Wearable Medical Device Market To Show $27 Million Revenue By 2023

  • The pain management segment of the $30 billion1 wearable medical device industry can offer investors an enticing opportunity.
  • Undiscovered companies selling for pennies a share can sometimes see strong momentum once their medical devices receive FDA approval.
  • Companies like the one we are discussing in this article, are developing new “wearable tech” devices for pain management, based on scientifically-validated2 heat therapy, that pro athletes such as Superbowl champion Deion Sanders say are “absolute gamechangers.”3

With the broader market losing steam and seeing increased volatility in recent months, some investors are zeroing in on specific micro niches once again in their search for potential profits.

One of the most lucrative niches has proven to be wearable medical device stocks – and in particular, shares of companies developing innovative wearable devices for pain management.

Small startup companies, such as the one we are discussing,  have begun designing new, low-cost, state-of-the-art wearable products aimed at treating and even preventing sports injuries and age-related joint and muscle pain.

Modest Investments, Potential Upside

Why such a narrow niche?  One reason is that medical device stocks in general can sometimes be off the charts. 

Companies such as the one we are discussing are often founded by entrepreneurs suffering from a particular ailment, such as lower back pain, and who then go in search of a personal solution to their problems. 

These are sometimes tiny, undiscovered enterprises that initially have just a single product to offer.  As a result, investors can often pick up thousands of shares for very modest amounts.

Yet once the pain management invention is patented and receives clearance from the U.S. Food and Drug Administration (FDA) as an approved wearable medical device, the once-tiny company can become a prime buyout candidate for Big Pharma. 

Former Canadian Pro Football Player Aims to Revolutionize the Prevention and Treatment of Chronic Pain

That’s why some investors are taking a close look at the new innovative company we are discussing and its development of new “wearable tech” pain relief products. 

The company was founded by a former professional football player whose career was cut short due to a severe ankle injury. This individual went on to become a registered inventor and entrepreneur who moved to China to learn about advanced manufacturing of medical devices.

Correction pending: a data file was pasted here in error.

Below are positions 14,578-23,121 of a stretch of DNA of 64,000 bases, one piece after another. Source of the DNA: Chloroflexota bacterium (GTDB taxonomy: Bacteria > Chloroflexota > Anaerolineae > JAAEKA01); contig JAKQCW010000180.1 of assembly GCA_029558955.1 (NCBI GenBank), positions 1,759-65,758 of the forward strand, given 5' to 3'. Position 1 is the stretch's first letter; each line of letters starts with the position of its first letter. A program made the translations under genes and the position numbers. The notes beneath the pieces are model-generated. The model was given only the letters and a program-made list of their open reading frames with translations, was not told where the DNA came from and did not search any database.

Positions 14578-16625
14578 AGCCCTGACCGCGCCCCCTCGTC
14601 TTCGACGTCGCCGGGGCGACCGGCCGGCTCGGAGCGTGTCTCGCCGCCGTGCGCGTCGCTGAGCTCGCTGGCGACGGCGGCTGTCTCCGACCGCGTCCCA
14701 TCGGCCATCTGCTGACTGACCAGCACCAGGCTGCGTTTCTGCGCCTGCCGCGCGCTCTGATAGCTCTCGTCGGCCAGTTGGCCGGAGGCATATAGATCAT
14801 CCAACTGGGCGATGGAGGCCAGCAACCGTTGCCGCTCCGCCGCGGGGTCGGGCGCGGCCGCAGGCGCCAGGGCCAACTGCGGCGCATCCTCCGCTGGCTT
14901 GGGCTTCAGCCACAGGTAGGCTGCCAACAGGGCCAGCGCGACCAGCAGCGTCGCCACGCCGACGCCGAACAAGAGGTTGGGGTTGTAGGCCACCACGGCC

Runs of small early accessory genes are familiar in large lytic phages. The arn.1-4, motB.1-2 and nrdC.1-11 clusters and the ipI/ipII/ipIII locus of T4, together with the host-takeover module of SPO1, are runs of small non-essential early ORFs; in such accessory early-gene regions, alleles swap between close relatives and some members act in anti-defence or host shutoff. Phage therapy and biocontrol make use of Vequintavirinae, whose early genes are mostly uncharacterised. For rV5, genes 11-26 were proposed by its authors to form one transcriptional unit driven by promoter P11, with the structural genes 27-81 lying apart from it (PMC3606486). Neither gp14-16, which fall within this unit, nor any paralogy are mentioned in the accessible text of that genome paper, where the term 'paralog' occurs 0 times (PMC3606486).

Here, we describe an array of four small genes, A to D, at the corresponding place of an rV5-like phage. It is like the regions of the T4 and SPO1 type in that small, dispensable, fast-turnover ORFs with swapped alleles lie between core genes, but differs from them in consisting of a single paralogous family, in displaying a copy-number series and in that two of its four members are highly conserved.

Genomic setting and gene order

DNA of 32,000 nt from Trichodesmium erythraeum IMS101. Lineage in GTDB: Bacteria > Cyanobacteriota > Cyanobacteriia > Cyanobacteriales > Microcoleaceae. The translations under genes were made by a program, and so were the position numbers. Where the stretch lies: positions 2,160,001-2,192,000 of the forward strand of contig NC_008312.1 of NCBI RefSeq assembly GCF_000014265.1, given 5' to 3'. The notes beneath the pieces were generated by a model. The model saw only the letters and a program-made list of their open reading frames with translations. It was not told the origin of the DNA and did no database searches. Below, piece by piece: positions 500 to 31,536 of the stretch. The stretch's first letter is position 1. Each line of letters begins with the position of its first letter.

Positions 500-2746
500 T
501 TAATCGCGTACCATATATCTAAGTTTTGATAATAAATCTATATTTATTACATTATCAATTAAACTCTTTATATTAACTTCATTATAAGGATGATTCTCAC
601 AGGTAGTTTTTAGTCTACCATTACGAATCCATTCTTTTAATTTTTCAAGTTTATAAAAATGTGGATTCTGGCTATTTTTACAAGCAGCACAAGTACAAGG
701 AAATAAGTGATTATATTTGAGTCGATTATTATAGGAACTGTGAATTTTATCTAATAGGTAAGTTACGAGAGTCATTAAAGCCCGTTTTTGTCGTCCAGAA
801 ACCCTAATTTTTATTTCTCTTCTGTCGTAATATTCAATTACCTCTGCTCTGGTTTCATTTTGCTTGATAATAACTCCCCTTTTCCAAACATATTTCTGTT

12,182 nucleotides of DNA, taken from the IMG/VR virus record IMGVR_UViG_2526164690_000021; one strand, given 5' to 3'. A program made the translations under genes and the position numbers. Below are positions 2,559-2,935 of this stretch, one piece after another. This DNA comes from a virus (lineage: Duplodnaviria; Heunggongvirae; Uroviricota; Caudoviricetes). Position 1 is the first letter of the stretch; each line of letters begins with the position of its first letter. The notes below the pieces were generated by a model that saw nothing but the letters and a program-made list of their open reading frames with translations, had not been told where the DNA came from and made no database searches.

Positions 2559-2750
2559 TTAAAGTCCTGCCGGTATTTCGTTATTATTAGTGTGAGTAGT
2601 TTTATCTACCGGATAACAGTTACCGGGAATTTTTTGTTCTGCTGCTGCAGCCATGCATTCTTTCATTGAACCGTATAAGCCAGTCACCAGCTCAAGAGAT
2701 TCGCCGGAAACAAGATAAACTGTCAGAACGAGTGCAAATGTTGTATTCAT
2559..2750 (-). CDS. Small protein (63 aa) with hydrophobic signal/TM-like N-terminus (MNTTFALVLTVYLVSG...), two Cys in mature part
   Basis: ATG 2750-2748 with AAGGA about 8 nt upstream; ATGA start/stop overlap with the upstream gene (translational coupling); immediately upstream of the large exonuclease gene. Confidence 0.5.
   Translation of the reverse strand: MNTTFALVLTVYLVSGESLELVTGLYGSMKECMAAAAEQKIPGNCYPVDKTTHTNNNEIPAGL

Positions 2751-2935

This entrepreneur quickly saw that the market for “wearable health tech” was exploding – yet the industry was hopelessly antiquated.  Suffering himself from chronic lower back pain likely from his pro football career, he knew that his treatment options were limited.

A Hungry Market and Obsolete Products

The few companies operating in the space concentrated on delivering cooling rather than heating modalities, despite the scientific evidence that shows the value of thermal applications for preventing and treating painful injuries.4

What’s more, designs had changed little in 50 years, with bulky batteries the norm, little concern for ergonomics and virtually no attempt to create products that could be worn during activity.

In addition, the few products that did exist were outrageously expensive.

As a result, this individual turned his attention to adapting the advanced carbon fiber heating technologies he developed with G-Tech Apparel for the rapidly expanding pain management market.

80% of Adults Experience Lower Back Pain

According to the National Institute of Neurological Disorders and Stroke, fully 80%5 of all adults experience lower back pain at some stage in their lives.  In fact, low back pain, after the common cold, is the most widespread ailment in human beings and the second most common reason for visiting the doctor.6